The harsh winter chill is fading away, the brown and barren
landscape is giving way to lively green and farmers are getting
ready to again plough their fields. Spring has arrived in the
Kashmir Valley, bringing with it some tourists and the hope that
the months to come will be peaceful and prosperous.
As the gloom of the three-month winter transforms into brighter
days, grassy fields and colourful blooms, it's time for new
beginnings in every which way, say residents of the picturesque
conflict zone for whom clashes and violence have become a way of
life for the past 30 years.
"The valley literally remains frozen during the winter months. All
activities of life, including agriculture, come to a standstill
here. Spring heralds the beginning of new life here," said Gull
Rather, 45, a farmer in Ganderbal district in north Kashmir.
Many tourists have already started arriving in this northern
Indian border state this year and locals hope the valley will be
peaceful so that livelihoods remain unaffected.
Horticulture, tourism and handicrafts, the three mainstays of the
valley's economy, took a serious beating last summer because of
the unrest that saw 110 people being killed in clashes with
The movement of trucks carrying apples, pears and other fruits to
terminal markets from the valley also suffered as irate mobs
jammed the Srinagar-Jammu national highway for days without end.
"Tourist flow, which had started in right earnest, came to an
abrupt halt after June last year and this resulted in huge losses
to hoteliers, taxi drivers, houseboat owners, handicraft dealers
and travel agents," said a senior tourism department official.
The tourist season had started well last year, with 750,000
tourists, including 400,000 pilgrims for the Amarnath shrine,
coming to the valley till June. That was when trouble broke out in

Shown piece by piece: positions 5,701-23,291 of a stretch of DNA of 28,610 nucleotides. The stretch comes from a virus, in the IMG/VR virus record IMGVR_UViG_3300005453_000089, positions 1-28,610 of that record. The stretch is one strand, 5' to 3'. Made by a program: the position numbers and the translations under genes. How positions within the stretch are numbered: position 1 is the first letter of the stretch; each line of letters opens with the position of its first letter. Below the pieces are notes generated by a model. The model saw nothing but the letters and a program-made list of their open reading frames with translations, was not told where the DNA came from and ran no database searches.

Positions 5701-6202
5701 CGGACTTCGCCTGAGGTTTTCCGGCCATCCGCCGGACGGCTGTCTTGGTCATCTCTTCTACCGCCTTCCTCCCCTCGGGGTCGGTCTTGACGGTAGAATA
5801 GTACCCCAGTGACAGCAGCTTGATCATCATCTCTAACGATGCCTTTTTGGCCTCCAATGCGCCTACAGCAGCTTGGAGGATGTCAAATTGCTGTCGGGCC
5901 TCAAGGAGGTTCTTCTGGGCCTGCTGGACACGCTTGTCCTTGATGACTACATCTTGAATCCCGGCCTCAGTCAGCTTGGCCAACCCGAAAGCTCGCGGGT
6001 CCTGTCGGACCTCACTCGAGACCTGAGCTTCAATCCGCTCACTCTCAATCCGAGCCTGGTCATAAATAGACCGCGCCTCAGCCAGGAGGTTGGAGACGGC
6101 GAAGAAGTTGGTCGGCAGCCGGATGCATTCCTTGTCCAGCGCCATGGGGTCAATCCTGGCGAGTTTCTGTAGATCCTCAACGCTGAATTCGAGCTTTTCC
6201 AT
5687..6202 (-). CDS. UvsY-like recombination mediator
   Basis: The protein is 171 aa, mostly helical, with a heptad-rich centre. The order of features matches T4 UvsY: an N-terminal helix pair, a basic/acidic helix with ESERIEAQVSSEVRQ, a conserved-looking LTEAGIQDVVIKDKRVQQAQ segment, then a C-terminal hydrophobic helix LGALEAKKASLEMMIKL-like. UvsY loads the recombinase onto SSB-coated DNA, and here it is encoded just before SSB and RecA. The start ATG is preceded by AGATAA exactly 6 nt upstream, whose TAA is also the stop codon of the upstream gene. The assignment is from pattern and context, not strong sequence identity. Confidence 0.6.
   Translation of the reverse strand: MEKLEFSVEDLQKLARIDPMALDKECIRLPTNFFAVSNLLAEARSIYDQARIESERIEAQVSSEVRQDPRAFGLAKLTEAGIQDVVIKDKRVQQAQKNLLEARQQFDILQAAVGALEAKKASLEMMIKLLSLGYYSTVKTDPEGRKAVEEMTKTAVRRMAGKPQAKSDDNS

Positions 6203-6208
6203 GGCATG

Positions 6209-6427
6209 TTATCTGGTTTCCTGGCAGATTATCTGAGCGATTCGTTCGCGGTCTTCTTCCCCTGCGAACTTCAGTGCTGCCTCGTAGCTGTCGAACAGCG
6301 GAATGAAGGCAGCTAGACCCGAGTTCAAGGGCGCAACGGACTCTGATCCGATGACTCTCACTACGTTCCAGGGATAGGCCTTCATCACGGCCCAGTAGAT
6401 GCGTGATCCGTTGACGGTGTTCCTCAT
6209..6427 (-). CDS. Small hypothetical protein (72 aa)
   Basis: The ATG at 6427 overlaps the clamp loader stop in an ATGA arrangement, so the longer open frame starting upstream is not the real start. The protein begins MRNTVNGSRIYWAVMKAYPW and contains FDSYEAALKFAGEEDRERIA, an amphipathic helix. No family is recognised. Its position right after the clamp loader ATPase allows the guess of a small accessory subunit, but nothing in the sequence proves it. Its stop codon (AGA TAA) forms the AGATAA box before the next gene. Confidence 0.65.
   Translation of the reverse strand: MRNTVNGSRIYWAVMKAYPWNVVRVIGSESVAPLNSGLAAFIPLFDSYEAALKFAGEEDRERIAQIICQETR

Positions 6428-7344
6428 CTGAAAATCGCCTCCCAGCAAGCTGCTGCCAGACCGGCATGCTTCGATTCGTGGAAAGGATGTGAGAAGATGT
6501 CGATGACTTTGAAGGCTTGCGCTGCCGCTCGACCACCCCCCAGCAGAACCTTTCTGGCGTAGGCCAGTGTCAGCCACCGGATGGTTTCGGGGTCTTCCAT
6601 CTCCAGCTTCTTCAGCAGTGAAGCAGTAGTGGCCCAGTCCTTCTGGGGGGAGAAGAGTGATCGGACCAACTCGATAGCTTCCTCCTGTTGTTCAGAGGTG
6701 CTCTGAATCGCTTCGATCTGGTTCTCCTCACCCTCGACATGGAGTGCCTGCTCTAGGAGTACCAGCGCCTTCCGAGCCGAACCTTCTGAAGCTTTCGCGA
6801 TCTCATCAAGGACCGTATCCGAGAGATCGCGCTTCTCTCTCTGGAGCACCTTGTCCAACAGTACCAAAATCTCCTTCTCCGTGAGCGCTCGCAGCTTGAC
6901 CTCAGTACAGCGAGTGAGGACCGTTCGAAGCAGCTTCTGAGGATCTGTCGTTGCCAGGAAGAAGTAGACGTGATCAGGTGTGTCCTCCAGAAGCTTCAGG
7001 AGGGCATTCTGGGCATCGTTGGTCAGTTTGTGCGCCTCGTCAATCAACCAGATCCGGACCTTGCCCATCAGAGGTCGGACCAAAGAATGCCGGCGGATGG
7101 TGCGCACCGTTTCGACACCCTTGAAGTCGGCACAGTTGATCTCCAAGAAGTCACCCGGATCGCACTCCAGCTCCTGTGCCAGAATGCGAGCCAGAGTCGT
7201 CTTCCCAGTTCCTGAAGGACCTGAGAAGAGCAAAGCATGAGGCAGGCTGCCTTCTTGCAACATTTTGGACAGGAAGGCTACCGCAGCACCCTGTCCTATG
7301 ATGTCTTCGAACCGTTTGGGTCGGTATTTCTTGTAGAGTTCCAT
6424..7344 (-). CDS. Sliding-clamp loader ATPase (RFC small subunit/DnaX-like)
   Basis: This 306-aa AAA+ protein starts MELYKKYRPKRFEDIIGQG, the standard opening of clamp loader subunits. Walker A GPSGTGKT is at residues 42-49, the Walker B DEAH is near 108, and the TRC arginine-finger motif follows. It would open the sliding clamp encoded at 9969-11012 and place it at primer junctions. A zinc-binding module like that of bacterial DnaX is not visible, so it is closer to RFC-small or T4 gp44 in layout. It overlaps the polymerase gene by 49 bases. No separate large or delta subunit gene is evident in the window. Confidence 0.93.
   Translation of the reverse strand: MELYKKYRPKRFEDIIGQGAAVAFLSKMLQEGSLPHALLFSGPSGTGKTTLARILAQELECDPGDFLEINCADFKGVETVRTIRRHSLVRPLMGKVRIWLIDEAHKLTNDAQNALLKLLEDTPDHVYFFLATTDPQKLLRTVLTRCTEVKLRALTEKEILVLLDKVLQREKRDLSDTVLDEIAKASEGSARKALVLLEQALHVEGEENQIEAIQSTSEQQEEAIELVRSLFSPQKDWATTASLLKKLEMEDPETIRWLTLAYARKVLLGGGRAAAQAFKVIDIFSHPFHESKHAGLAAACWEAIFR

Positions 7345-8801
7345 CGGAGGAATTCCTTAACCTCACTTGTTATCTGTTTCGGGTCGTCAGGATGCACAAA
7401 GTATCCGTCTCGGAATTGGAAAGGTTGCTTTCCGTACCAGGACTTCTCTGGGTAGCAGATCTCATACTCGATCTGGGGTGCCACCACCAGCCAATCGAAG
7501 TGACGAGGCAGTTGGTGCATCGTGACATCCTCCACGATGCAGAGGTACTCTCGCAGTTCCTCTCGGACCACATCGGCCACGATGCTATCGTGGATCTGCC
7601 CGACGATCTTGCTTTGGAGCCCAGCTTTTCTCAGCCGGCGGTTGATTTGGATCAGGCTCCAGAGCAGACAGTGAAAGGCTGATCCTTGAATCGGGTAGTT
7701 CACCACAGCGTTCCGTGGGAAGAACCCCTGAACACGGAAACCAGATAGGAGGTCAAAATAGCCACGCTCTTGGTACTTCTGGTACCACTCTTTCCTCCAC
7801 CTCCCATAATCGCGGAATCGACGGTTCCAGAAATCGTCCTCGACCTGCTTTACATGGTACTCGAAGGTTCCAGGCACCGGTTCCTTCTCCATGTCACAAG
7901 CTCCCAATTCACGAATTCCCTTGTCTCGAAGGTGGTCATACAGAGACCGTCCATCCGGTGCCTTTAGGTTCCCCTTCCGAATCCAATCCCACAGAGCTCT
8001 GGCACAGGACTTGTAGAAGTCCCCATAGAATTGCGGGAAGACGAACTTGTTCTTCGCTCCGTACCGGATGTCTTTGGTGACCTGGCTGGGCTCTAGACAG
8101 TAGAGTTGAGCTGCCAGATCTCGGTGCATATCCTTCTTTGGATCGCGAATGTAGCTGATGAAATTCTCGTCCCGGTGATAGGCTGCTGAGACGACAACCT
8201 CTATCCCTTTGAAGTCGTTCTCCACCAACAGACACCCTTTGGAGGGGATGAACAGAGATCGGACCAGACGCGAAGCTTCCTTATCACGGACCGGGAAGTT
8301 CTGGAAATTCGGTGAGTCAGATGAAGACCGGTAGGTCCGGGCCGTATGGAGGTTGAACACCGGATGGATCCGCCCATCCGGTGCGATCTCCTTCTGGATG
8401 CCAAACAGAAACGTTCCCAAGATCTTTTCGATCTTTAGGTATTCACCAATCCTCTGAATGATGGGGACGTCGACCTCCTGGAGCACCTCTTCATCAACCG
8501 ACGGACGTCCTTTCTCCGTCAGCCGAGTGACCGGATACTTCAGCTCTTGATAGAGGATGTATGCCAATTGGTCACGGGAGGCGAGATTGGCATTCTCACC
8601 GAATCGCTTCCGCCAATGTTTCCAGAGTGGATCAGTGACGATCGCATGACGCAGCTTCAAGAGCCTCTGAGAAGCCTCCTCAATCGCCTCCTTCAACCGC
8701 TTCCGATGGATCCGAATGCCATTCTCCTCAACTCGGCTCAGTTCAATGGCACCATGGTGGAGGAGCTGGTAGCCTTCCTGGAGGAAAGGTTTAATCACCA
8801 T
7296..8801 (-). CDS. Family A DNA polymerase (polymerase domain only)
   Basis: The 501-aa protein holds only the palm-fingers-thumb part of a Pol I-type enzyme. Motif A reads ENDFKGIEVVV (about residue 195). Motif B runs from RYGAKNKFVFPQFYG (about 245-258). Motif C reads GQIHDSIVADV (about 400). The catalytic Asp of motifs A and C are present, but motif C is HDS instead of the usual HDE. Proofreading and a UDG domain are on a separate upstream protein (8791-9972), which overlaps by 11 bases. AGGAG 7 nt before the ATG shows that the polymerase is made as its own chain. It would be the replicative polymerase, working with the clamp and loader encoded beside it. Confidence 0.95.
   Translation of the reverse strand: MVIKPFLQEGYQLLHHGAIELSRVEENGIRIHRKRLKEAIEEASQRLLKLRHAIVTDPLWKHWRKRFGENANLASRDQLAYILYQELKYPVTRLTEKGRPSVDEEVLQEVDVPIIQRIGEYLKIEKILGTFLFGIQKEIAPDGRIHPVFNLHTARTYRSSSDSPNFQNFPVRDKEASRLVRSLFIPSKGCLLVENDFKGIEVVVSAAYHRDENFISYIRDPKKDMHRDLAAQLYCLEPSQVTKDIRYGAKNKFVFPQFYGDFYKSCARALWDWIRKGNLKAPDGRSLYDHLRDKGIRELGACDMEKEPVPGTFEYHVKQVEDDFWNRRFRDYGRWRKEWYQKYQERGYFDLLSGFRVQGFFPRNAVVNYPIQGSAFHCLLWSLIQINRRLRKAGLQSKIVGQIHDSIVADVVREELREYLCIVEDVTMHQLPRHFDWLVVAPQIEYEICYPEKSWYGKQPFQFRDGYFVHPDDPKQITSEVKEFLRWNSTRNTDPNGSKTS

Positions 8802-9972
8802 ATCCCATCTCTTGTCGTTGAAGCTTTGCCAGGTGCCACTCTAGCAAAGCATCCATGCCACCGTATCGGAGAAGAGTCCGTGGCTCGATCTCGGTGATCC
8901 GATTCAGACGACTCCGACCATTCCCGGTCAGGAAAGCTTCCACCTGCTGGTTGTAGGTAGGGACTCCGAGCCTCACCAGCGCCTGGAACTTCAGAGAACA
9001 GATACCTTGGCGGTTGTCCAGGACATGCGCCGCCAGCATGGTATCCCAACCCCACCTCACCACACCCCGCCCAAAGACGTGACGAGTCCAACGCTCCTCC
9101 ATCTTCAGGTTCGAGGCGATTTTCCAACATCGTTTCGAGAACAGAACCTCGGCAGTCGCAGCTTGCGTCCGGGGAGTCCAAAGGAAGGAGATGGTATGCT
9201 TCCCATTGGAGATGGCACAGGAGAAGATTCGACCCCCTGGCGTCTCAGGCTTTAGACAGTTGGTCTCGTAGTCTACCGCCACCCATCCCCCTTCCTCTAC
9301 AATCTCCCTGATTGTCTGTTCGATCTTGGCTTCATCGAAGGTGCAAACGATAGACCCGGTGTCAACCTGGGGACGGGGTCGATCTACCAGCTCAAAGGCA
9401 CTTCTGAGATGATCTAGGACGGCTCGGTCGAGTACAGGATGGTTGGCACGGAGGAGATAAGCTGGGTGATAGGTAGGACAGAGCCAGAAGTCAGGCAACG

the volatile valley between local youths and security personnel.
And Kashmir businesses saw their fortunes literally frittering
"More important than everything else is the education of our
children which took the worst beating last year," said a concerned
Senior hardline separatist leader Syed Ali Geelani, who
spearheaded the summer unrest last year, told the media recently
that there would be no indefinite strikes in the valley in future.
"Unless the Indian security forces act in a manner which causes
loss of public life and honour, we will not call for any prolonged
"But the world must know that calling for strikes is an extremely
unpleasant step we are forced to take because all other means of
peaceful protest are prevented by the Indian security forces
here," Geelani asserted.
What people want is a modicum of normalcy.
"The separatist campaign and mainstream politics can continue
alongside each other, but this must not throw normal life
haywire," said a college teacher here who did not want to be
"We cannot afford a repeat of the disaster we have faced last year
so far as the educational atmosphere is concerned. More important
than anything else is the education of our children that took such
a beating last year," added Abdul Majid, 42, a parent here.
As schoolchildren jostle against one another to get into their
buses in summer capital Srinagar, Kashmiris pray that peace is
something they can rely on, not just a fragile state of being
threatened by the slightest winds of trouble.
"The basic problem (the Kashmir dispute) must be resolved so that
peace is not so fragile. Life must also be allowed to continue.
One might sound like a fool saying this, but that is what
ultimately says the truth about Kashmir," said Abdul Samad, 69, a
village elder in Ganderbal.
Spring is in the air... and so hopefully is peace. The signs are
good and it should stay this way, say Kashmiris.
(F. Ahmed can
be contacted at firstname.lastname@example.org)